Photo School: King of the World

Show off your friends’ alpine accomplishments with shots that capture the full glory of a trip to the mountains.
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Show off your friends’ alpine accomplishments with shots that capture the full glory of a trip to the mountains.
ETHAN WELTY NORTH CASCADES NP, WA SPECS: F/8, 1/250 SEC, ISO 100 24MM FOCAL LENGTH photo: Ethan Welty/Tandem Stock

ETHAN WELTYNORTH CASCADES NP, WA SPECS: F/8, 1/250 SEC, ISO 100 24MM FOCAL LENGTHphoto: Ethan Welty/Tandem Stock

Plan Ahead

Step one: Get in shape. Photographers need the fitness to run ahead, scramble off-trail for a better angle, and catch up if they get behind. Step two: Sleep high. Plan overnights at elevations that make it easier to shoot alpine scenes during the best light of the day (dawn and dusk).

Scout Your Spot

Choose a location with landscape features such as ridge-lines and false summits that provide clearly differentiated foreground and background. Shadowed valleys, layers of low clouds, or a silhouetted foreground can help emphasize the separation between what’s near and far. Keep your aperture small so both foreground and background appear sharp.

Add a Person

Partners with colorful gear make better models. Climb up and away from your subject to capture the view over their shoulder; shooting from above shrinks the person and emphasizes the grandeur of the scene. To create a sense of scale, back up until the person’s height takes up no more than a quarter of the frame.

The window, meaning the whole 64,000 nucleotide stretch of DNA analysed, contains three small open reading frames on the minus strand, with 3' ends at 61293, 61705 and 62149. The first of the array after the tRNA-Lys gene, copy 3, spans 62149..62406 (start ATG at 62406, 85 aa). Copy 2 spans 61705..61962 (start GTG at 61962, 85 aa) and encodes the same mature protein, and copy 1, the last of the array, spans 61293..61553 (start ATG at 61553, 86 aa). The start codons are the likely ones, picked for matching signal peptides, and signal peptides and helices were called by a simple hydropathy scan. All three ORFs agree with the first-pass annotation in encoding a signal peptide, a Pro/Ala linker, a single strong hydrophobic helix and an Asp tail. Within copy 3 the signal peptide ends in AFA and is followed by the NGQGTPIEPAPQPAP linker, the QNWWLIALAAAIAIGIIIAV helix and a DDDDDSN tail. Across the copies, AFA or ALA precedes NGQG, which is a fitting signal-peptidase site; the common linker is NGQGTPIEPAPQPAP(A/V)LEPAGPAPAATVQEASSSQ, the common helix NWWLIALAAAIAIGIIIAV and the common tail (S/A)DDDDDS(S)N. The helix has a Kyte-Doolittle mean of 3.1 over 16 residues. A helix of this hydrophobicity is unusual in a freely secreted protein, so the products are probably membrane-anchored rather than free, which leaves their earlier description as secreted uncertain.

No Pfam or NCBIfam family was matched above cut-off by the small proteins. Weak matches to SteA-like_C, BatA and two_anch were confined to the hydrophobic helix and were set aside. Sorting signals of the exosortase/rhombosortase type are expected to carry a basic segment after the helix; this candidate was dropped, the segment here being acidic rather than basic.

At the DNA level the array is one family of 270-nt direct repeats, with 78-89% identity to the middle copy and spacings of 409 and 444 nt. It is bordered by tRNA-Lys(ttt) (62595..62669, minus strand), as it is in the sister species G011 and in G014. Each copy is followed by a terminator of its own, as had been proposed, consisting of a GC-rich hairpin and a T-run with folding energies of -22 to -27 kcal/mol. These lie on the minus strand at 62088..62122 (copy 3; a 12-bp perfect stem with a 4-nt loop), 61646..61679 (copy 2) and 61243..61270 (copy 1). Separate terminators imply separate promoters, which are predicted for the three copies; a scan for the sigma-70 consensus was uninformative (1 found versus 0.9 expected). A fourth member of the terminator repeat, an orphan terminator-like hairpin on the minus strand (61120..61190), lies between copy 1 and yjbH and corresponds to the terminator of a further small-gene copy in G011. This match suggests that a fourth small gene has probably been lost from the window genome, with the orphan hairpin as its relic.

Perfect Your Framing

Compose so the mountains jut well into the top third of the frame, and maneuver so your human subject is against a contrasting plain or solid background. Place him off-center, looking toward the middle of the frame. Or, in the right circumstances, try breaking the rule of thirds: Center your subject as he faces straight away from or toward you.

Try This: Bend The Rule of Thirds

Even pros mostly follow photography’s first rule of composition, but, just as importantly, they know when to break it. Quick refresher: In general, line up your photo’s points of interest (like horizons) along the lines or intersections of an imaginary 3-by-3 grid. But the rule is merely a shortcut to visual balance, and in some images, you’ll find more harmony by breaking it. If, as in the shot above, your scene has strong lines leading to the center and is symmetrical side to side, centering your subject better preserves that balance.